Listen Live: The First Public Performance of Music by Auschwitz I Men’s Orchestra Since the War
A University of Michigan scholar unearthed the musical manuscript penned by three Polish prisoners in the archives of the Auschwitz-Birkenau State Museum
The grim realities of Auschwitz often played out against a backdrop of jaunty music. An orchestra of prisoners was forced to perform as their fellow captives marched to and from work, and on Sundays, the musicians were tasked with entertaining Nazi officers.
Though the Auschwitz I men's orchestra was a fixture of the notorious concentration camp, few manuscripts of works arranged and performed survive to the present day. But as Sarah Laskow reports for Atlas Obscura, a University of Michigan researcher recently took a deep dive into one such manuscript at the Auschwitz-Birkenau State Museum—and the piece will be performed tonight for the first time since the Second World War by the U-M Contemporary Directions Ensemble.
Patricia Hall, a professor of music theory at the University of Michigan, has been researching musical manuscripts for the past 40 years. She knew that the Auschwitz-Birkenau museum kept music in its archive, and had heard from a scholar at the museum that some of the documents might include penciled annotations. So in 2016, Hall decided to travel to Poland to explore the archive herself.
“I wasn't sure if I would find anything,” she tells Smithsonian.com, “but I couldn't contain my curiosity.”
Hall expected that if her efforts to comb the archive were at all successful, she would unearth printed music. But she was amazed to find several handwritten manuscripts, one of which struck her as particularly poignant due to the cruel irony of its cheerful title: “The Most Beautiful Time of Life.”
The arrangement, a foxtrot, was based on a love song by the popular German film composer Franz Grothe. Three prisoners had penned the manuscript, adapting Grothe's music to suit 14 musical instruments: nine violins, a viola, a tuba, a trombone and two clarinets. Hall suspects the piece was played during one of the regular Sunday concerts in front of the villa of Rudolf Höss, the commandant of Auschwitz.
“This was for the SS personnel,” she explains. “It was about a three-hour concert that was broken up into stages, and at one point, they had a dance band so that soldiers could dance. Given the instrumentation of this foxtrot, I think that’s probably what it was used for.”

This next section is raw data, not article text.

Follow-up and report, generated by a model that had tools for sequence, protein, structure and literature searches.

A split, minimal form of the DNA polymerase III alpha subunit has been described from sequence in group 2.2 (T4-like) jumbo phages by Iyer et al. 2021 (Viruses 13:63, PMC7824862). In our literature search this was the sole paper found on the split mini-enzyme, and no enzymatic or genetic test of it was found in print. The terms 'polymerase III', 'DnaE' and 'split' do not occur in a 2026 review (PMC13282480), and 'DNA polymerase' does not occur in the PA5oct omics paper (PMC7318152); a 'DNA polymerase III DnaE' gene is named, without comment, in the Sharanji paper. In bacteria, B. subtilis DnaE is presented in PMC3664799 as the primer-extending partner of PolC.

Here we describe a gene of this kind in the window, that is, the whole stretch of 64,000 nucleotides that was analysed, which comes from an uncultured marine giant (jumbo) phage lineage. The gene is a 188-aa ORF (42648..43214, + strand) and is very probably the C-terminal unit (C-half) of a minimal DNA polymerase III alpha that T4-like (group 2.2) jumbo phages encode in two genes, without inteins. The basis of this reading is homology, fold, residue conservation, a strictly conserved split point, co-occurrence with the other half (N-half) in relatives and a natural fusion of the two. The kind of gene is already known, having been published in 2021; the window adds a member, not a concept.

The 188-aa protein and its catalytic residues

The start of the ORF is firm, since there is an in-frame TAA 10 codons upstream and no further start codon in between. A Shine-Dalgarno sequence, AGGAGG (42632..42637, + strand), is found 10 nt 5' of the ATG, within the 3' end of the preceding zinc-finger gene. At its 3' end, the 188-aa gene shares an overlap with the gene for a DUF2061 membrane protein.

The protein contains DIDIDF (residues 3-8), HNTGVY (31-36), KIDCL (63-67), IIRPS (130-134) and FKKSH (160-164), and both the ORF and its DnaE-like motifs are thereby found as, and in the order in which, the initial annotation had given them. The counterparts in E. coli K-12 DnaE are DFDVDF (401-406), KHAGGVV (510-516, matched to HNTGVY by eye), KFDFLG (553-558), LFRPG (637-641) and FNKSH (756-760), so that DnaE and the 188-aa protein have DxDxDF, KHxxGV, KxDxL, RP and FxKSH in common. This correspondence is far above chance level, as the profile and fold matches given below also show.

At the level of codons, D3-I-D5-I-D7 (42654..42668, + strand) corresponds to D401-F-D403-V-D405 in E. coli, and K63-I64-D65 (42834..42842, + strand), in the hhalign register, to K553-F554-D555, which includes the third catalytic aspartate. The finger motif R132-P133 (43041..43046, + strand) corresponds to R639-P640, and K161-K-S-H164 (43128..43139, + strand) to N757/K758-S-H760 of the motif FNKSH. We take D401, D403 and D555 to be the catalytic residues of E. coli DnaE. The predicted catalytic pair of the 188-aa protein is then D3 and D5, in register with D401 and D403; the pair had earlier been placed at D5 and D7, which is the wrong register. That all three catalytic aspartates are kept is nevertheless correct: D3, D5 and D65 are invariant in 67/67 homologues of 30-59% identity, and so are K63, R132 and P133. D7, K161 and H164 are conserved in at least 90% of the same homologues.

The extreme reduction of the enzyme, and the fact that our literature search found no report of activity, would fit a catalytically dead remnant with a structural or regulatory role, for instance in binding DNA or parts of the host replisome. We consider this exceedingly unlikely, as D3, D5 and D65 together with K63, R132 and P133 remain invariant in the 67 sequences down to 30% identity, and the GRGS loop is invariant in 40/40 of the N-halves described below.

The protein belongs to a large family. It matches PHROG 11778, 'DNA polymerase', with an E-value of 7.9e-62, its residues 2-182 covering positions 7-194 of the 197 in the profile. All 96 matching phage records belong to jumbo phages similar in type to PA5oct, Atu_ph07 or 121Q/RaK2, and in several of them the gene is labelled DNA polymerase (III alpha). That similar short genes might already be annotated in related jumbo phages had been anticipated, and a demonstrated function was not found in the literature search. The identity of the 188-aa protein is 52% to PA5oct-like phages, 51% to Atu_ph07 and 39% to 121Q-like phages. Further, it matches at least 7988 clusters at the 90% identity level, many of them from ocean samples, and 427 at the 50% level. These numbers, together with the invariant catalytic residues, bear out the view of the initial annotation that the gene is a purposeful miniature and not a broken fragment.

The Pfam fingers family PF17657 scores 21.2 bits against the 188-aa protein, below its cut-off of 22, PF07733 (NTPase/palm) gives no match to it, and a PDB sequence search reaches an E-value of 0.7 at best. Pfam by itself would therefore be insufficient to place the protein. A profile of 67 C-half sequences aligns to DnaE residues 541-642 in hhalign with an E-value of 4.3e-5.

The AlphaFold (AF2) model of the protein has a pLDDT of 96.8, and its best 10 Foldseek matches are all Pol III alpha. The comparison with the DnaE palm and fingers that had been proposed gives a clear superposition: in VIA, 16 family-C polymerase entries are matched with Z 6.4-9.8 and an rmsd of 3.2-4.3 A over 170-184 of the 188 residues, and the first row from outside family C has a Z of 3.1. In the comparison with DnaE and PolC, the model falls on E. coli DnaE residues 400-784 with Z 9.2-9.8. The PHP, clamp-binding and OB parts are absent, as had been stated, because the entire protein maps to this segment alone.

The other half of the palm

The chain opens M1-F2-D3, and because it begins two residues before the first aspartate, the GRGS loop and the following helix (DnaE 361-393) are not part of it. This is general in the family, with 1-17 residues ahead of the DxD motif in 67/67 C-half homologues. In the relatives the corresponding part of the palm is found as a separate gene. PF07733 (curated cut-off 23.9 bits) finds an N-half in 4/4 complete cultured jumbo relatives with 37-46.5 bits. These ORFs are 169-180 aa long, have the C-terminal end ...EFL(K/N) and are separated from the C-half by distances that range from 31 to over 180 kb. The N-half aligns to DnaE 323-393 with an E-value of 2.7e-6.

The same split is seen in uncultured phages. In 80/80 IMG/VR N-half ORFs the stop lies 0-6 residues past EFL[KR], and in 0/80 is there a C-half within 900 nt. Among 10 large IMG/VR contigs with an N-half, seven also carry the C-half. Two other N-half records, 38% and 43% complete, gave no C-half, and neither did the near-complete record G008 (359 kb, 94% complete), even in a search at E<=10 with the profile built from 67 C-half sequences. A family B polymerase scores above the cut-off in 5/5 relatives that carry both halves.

Remarkably, two of the manuscript’s authors had signed the document with their prison numbers, which allowed Hall to identify them as Antoni Gargul, a Polish soldier and a violinist, and Maksymilian Piłat, a professional bassoonist who had conservatory training. Both were political prisoners, and both survived the war. (They were not Jewish; according to Laskow, Jewish prisoners were not permitted to join the men's orchestra in Auschwitz until the latter end of the conflict. That was not the case at the Auschwitz-Birkenau concentration and extermination sub-camp, where each camp area had its own prisoners’ orchestra, including one for Jewish men.)
The identity of the third musician is unknown, but Hall thinks he may have also made it out of Auschwitz alive.
After unearthing the manuscript, Hall worked with Joshua Devries, a graduate student in music theory at the University of Michigan, to transcribe the arrangement into printed notation and correct erroneous notes. Then Oriol Sans, conductor of the Contemporary Directions Ensemble, helped make a professional recording of the piece last month. The recording uses the exact instrumentation of the Auschwitz orchestra, which is valuable to historians because, by and large, “we don't really know what camp ensembles at Auschwitz-Birkenau sounded like,” Hall says.
The new recording will become a part of the Auschwitz-Birkenau museum’s collections. Due to popular demand, tonight’s performance of “The Most Beautiful Time of Life," which will take place during a free concert on the university’s campus, will be livestreamed here at 8 p.m., starting with a pre-performance talk by Hall.
Though it arose from one of the darkest chapters in world history, Hall believes it is important for a contemporary audience to hear the piece. “[I]t relates us on a very emotional level to some of the things prisoners endured,” she says, “and how they were able to create beauty nonetheless.”